The keys are also very flat with no texture, making it even harder to find your place. And there's not enough travel for any feeling of tactility. Although I felt I could press keys quickly, thanks to the low travel, I got exhausted after typing just a few sentences.
Going through the Astral Plane in Control was torturous, not because of the disturbing emptiness, but because pressing and resting my fingers on keys for strategically timed movements was like navigating by pressing a piece of paper. Some may appreciate the extra-long right Shift key, but I never use that key and feel the deck’s space definitely could’ve been used better, perhaps for a larger keyboard in general.
On the 10fastfingers.com typing test, my average dropped from around 115 words per minute (wpm) to 101.3 wpm on the Blade Pro 17, and my average accuracy dipped from 98% to 94.8%. Worse, I had a dissatisfying, tiring time taking the tests.
Razer does elevate the keyboard experience a bit with its per-key RGB, which you can play with via Synapse. It’s complicated but thorough when it comes to custom designs. Otherwise, you do get some pretty effects, like a rainbow wave, your pick of a static color or reactive, which lights up a key for a second after pressing. Some also allow for broad speed or direction adjustments.
The laptop’s 5 x 3-inch glass touchpad is equipped with Windows precision drivers, so it’s not surprising Windows gestures, like three-finger taps and swipes, worked well. However, the touchpad gets smudged by fingerprints easily.
Additionally, the left and right-click areas weren’t intuitive to me, probably because I’m not used to its larger size. I often found the PC right-clicking when I meant to left-click and vice versa.
Audio on Razer Blade Pro 17
The stereo speakers on the Blade Pro 17 live on either side of the keyboard, so you get a lot of sound blasting right in your face. Gunshots in Control were too loud at full volume, so there’s a good amount of power here.
High-pitched noises were effective, and I acquired a newfound appreciation for the off-putting background music in the game. It was also easy to follow the sound of cabinets crashing a few seconds after I flung them or the whiz of shards of metal flying past my head. Shrill shrieks were especially blood-curdling coming out of the machine, while voices were crisp and accurate.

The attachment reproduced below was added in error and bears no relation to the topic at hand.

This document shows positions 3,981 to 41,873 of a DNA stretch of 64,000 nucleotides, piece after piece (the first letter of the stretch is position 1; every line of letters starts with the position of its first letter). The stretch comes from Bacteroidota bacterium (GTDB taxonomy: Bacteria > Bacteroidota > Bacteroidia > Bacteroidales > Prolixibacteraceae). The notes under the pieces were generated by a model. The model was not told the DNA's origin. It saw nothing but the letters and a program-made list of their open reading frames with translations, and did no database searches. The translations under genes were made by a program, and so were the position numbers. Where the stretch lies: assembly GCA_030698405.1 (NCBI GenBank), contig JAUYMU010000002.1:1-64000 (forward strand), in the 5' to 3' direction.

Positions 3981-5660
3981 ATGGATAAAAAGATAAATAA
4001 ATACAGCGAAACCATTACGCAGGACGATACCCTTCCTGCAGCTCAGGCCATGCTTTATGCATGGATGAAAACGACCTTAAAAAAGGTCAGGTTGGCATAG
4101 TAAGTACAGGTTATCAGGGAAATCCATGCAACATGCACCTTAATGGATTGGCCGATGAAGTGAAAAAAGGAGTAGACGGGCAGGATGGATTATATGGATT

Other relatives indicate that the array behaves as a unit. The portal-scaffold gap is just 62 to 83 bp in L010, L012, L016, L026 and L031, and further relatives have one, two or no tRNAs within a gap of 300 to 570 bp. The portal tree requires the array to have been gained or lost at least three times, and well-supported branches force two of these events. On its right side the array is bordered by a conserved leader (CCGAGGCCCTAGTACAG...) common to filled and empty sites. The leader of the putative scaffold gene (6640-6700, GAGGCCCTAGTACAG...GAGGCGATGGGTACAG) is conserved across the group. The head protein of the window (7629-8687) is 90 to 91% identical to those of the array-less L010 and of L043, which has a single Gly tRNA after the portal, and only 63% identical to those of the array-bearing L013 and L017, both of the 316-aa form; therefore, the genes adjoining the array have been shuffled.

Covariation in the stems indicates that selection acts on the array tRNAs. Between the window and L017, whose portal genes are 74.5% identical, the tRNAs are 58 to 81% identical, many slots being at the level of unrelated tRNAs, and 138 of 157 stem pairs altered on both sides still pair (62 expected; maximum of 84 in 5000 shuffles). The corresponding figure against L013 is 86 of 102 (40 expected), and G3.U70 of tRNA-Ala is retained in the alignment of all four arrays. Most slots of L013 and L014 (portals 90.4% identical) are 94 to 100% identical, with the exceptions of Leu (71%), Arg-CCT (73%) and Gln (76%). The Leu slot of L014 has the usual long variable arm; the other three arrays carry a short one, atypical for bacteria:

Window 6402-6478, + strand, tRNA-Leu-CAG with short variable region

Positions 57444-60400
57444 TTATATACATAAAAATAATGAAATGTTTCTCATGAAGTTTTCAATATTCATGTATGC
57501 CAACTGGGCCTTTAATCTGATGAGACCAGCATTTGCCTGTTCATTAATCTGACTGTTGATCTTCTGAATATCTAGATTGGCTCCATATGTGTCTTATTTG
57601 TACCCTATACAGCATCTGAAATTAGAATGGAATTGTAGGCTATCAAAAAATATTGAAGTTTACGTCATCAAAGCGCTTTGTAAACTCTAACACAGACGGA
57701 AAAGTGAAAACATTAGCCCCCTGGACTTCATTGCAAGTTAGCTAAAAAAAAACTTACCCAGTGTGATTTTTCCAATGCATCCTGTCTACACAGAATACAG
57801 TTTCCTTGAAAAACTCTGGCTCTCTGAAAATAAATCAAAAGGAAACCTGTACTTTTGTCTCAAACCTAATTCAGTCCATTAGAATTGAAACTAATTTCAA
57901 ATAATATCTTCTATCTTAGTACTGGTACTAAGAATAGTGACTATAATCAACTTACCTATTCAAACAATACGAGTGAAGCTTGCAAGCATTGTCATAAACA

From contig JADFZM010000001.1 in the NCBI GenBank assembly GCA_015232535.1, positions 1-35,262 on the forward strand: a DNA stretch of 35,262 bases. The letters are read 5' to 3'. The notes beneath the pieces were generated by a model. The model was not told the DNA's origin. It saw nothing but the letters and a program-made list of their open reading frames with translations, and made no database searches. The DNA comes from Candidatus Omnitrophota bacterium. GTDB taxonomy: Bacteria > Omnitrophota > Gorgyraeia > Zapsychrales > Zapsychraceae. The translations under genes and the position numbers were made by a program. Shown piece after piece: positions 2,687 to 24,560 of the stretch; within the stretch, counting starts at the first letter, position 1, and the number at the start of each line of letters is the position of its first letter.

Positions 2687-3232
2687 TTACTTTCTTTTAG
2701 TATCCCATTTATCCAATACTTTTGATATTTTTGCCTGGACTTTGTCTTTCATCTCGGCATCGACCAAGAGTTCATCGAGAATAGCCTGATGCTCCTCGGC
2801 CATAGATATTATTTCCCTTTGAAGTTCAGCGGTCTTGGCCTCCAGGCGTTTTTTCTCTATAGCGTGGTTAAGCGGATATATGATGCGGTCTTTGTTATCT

However, explosions sounded a little hollow, as if I was losing some of the depth and fullness. And when I listened to music, like Daft Punk’s "Touch," I wished for more bass. The song’s introductory instrumentals didn’t sound as warm and the wind blowing in the intro also sounded less than realistic. Chaka Khan’s “Through the Fire” sounded a little tinnier overall -- but nowhere near as bad as I’ve heard in even some of the best ultraportable laptops.
Upgradeability of Razer Blade Pro 17
You can open up the Blade Pro 17 by removing 12 Torx screws. Once inside, there’s an empty M.2 slot that supports PCIe and SATA SSDs. Razer says the laptop is upgradeable to up to 8TB.
It’s easy to add storage by unscrewing the single Philips screw either holding in the installed SSD or in the empty slot. To occupy the empty slot, you’ll have to remove a thermal pad first though.
It’s also simple enough to pop out the RAM. Our review unit came with two 8GB sticks, but you can equip the Blade Pro 17 with up to 64GB.
Battery Life of Razer Blade Pro 17